Metaphors and Methodologies: Living Beyond the Systems Machine

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Metaphors are the cognitive lenses we use to make sense of all situations. Intimately interconnected with the way we think, metaphors are fundamental in shaping reality. Building on work about metaphors in organizational life, this paper examines the language of information systems users in 16 different organizations. The results confirm the existence of six main metaphors (journey, war, game, organism, society, and machine) and adds three metaphors that also emerged from the language of IS users (family, zoo, and jungle). Dramatistic analysis was used to reveal that seven of these principal metaphors are found in commonly used systems development methodologies. For example, the systems development life cycle draws upon the “game” metaphor, and structured methodologies and CASE tools are akin to the “machine” metaphor. Analysts who are aware of the existence of these metaphors (both in the user organization and within the methodologies themselves) will begin to see the systems development process in an entirely different light. Caution must be undertaken, however, when using this approach. First, analysts should lead the systems development process by selecting a methodology to match user metaphors, not the other way around. Second, analysts must see, rather than suppress, the paradoxical richness of metaphors. Third, analysts should not limit the number of metaphors because it limits the usefulness of this approach. Fourth, analysts should be adequately trained in a variety of systems development methodologies. Finally, analysts should use metaphorical analysis in conjunction with other approaches. Using the recommendations and findings for guidance, analysts can begin to develop the power of metaphorical analysis to better understand and communicate with users during the development process.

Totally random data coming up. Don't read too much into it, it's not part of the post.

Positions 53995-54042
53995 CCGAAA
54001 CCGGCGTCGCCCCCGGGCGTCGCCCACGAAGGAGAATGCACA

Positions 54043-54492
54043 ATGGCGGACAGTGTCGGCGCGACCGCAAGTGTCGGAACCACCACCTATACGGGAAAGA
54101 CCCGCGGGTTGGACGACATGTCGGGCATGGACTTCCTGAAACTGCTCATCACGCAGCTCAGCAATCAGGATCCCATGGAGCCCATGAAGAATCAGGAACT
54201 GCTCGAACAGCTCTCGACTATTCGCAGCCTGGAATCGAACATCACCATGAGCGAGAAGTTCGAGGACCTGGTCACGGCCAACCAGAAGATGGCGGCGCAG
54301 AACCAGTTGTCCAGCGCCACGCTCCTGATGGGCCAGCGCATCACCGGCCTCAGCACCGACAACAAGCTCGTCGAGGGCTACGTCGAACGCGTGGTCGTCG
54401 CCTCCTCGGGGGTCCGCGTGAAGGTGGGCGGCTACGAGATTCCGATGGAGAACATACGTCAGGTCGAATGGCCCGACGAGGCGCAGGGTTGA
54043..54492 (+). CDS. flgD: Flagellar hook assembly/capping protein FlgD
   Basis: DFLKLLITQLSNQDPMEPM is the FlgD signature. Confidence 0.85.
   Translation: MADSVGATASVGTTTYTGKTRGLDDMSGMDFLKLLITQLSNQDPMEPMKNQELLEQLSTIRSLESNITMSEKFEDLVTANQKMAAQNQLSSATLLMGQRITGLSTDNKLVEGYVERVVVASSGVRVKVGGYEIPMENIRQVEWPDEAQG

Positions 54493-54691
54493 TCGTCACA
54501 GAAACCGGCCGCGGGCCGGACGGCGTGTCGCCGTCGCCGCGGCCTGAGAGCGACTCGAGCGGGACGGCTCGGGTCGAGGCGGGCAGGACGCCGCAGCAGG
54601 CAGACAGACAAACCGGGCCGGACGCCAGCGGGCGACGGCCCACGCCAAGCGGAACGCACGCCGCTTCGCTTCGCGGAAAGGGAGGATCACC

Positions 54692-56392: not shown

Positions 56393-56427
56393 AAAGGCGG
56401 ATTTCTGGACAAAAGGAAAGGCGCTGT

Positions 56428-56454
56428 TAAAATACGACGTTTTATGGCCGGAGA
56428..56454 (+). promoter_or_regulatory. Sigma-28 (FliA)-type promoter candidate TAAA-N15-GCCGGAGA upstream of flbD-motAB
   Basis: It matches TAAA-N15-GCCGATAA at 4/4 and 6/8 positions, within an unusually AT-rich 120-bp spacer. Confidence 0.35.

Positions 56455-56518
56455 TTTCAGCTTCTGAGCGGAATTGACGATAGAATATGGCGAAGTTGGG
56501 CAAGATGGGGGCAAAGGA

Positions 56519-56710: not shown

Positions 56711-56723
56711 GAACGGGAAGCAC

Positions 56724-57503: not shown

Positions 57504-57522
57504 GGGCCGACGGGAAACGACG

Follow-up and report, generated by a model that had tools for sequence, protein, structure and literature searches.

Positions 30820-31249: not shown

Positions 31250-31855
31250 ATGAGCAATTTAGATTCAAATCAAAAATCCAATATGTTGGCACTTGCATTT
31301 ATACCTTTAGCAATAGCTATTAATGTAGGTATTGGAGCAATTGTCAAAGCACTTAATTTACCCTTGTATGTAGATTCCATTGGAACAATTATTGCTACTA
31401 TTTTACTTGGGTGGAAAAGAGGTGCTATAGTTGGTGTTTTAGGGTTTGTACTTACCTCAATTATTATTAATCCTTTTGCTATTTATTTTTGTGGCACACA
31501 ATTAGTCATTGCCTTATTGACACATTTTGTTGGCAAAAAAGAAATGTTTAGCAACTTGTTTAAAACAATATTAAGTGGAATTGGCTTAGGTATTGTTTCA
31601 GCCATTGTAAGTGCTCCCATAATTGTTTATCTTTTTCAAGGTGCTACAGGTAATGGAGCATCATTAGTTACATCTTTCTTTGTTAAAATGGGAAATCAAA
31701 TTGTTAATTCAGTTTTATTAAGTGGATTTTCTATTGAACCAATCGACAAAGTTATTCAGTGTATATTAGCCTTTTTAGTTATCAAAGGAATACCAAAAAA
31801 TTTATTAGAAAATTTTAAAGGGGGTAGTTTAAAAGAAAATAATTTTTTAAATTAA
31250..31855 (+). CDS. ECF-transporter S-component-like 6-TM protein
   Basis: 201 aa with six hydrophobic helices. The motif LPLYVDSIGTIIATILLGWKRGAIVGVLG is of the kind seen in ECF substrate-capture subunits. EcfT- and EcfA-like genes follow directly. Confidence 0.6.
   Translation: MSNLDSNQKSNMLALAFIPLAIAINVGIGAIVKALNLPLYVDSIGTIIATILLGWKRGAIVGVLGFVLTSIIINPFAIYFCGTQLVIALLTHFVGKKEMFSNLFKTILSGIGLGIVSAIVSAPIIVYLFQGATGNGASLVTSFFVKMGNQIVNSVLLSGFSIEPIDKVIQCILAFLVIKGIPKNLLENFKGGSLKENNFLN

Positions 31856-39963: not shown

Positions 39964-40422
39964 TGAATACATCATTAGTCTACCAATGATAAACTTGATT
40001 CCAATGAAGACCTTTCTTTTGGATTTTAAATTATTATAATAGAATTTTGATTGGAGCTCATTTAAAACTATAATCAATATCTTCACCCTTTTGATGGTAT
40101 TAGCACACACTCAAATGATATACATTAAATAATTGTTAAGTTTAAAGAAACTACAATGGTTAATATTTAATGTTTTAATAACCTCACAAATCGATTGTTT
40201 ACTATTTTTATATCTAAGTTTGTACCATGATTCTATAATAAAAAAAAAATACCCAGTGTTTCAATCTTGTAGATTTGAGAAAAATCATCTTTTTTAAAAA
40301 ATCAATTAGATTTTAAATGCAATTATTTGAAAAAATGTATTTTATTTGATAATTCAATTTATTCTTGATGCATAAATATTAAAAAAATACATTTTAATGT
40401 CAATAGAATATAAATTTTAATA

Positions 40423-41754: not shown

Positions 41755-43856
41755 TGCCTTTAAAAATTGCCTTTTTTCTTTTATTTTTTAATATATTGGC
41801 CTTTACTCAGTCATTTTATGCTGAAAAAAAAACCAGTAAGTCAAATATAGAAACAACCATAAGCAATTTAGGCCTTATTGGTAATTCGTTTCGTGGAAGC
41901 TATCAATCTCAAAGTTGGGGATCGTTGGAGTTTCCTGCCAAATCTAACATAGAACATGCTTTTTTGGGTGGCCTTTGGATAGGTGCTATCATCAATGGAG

Additional Details
Author Julie E. Kendall and Kenneth E. Kendall
Year 1993
Volume 17
Issue 2
Keywords Systems analysis, systems design, IS development strategies, participative design, metaphors, socio-technical approach, user-analyst interaction
Page Numbers 149-171
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